Charles W. Whitebread, a faculty member of the FBI Police Academy for 12 years and now a law professor at the University of Southern California, recently noted in The Judges' Journal that "with the appointment of Sandra Day O'Connor to take the place of Justice Potter Stewart," the Supreme Court is "not only willing but eager to accommodate what it perceives as the needs of effective law enforcement."
A majority of this court, according to such of its critics as Whitebread, has been engaging in a cost-benefit analysis of the Constitution. The exercise of even a fundamental right has to be weighed against the cost to society's interest in protecting itself. A clear illustration of how the formula can be applied is a case out of Tennessee that was decided last year. An unarmed 15-year-old fleeing from a burglary was shot and killed by a police officer who did not believe the boy was armed. O'Connor was in the minority on this one. In maintaining that the officer was entitled to use all necessary means to stop the escaping suspect, she explained that "public interest in the prevention and detection of serious crime" outweighed the claim that the officer had committed an unreasonable "seizure" in violation of the Fourth Amendment.
This was too cold a scale for Justice Byron White. "It is not better," he said, "that all felony suspects die than that they not escape."
In a recent case, however, White joined O'Connor to help form a 6-to-3 majority in another cost-benefit analysis of the Constitution. O'Connor is usually in the majority in these opinions. The case, Moran v. Burbine, concerns Brian Burbine, a 20-year-old with a fifth-grade education who was arrested for breaking and entering. It was then learned by a police offcer that Burbine was also a prime suspect in a murder.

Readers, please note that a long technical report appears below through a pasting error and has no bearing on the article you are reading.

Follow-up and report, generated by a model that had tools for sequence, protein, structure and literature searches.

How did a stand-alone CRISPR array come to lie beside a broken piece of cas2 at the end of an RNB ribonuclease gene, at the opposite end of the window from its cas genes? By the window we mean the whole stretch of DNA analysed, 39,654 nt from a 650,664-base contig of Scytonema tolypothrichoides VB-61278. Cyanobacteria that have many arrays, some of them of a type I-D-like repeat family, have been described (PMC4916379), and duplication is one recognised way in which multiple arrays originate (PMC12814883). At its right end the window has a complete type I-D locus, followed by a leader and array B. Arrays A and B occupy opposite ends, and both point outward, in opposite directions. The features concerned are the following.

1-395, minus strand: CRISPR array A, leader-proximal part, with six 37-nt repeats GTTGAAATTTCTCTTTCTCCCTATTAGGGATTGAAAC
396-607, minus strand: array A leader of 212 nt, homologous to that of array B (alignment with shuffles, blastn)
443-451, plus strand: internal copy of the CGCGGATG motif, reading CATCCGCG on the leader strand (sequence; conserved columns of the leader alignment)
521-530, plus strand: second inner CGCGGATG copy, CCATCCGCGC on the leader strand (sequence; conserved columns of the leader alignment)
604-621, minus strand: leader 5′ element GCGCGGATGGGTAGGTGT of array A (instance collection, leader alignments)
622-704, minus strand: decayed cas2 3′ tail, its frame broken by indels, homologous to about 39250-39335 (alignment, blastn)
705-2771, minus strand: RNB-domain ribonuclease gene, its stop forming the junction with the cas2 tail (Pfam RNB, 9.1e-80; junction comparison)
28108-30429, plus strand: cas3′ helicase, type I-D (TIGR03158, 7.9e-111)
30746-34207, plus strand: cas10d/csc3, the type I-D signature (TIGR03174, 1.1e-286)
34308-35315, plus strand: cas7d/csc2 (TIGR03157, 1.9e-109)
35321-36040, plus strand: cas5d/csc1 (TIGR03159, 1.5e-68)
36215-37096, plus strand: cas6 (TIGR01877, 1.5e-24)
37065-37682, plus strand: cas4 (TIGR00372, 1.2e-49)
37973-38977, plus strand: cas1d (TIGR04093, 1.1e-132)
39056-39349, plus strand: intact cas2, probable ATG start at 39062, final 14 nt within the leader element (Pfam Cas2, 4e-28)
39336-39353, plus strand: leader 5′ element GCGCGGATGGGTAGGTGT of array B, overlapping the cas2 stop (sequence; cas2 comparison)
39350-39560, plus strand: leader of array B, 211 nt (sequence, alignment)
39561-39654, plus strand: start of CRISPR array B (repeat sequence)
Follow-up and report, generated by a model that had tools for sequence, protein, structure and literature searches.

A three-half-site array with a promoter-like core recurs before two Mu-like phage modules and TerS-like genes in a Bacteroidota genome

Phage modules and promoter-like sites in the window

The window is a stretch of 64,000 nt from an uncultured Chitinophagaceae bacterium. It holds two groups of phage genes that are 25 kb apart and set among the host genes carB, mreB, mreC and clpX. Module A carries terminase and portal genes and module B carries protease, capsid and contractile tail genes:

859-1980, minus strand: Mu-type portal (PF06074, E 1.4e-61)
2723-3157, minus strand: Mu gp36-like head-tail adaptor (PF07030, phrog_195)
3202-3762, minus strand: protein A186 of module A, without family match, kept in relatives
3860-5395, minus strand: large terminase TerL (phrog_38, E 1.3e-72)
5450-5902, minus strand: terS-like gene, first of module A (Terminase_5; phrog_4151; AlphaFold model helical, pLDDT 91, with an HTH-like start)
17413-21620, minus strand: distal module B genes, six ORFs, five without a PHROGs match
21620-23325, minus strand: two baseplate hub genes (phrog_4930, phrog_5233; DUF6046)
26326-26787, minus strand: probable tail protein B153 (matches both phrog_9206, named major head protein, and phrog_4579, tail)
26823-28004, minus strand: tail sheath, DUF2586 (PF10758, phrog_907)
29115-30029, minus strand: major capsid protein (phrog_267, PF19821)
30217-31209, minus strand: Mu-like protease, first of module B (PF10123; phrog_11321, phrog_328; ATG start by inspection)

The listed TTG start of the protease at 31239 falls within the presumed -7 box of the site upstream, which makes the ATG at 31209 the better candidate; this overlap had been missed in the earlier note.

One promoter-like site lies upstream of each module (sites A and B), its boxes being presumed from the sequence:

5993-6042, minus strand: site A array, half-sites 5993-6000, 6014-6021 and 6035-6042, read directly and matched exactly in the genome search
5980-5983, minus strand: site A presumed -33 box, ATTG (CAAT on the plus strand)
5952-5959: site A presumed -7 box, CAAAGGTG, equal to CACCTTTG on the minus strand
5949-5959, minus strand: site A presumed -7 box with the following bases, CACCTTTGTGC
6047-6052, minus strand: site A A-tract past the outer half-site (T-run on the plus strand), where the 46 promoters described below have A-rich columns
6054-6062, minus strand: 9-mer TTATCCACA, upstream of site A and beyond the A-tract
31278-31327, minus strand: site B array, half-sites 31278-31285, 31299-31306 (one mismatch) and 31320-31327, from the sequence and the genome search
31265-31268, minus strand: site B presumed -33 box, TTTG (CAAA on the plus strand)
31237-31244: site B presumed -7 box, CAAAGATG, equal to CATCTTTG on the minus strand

Meanwhile, Burbine's sister, aware only that he was in trouble for alleged breaking and entering, called the Public Defender's Office and secured a lawyer for her brother. The lawyer called the police station and asked if Burbine was going to be questioned or put into a lineup that night. If so, she would come over. No, the lawyer was told, "We're through with him for the night."
About 40 minutes later, Burbine, after having earlier refused to waive his rights, began to be questioned by five police officers. Carefully, they first gave him his Miranda warnings, and he signed a waiver relinquishing his rights to remain silent and to have a lawyer present. He confessed to the murder. As the night went on, Burbine was given Miranda warnings twice more as he continued to add details to his confession. He was never told a lawyer had called on his behalf.
Burbine, sentenced to a life term for first-degree murder, appealed. He had been denied an attorney -- and by police deception yet. Eventually, the First Court of Appeals agreed with him, ruling that the confessions should be suppressed because he had not waived his rights "knowingly and intelligently." By not telling him that a lawyer was available, the police had deprived him of knowledge he needed to make that decision.
Justice O'Connor, while finding the police deception distasteful, saw no reason why the confessions should not stand. Burbine, after all, had been given his Miranda warnings. She did concede that it might have been useful to him to know that his lawyer had telephoned, but O'Connor said, "We have never read the Constitution to require that the police supply a suspect with a flow of information to help him calibrate his self-interest in deciding whether to speak or stand by his rights."
Imagine Justice Louis Brandeis' reaction to "calibrate."
It's all a matter of computing costs and benefits. There would only be a "minimal benefit," O'Connor pointed out, in requiring that a suspect be informed a lawyer was trying to reach him, but such a rule would come "at a substantial cost to society's legitimate and substantial interest in securing admissions of guilt."
In dissent, Justice John Paul Stevens, also speaking for William Brennan and Thurgood Marshall, agreed that relaying the message from the lawyer would decrease the likelihood of confessions. "This is certainly a real cost," Stevens added, "but it is the same cost that this court has repeatedly found necessary to preserve the character of our free society and our rejection of an inquisitorial system."
But that was then. President Reagan and Edwin Meese have had a chance to make only one appointment to the Supreme Court, but they sure made that one count. Last week, when the court, zigzagging, decided that defendants cannot be interrogated once they ask for a lawyer at their arraignment, O'Connor was in dissent. Over the long run, however, she's a winner.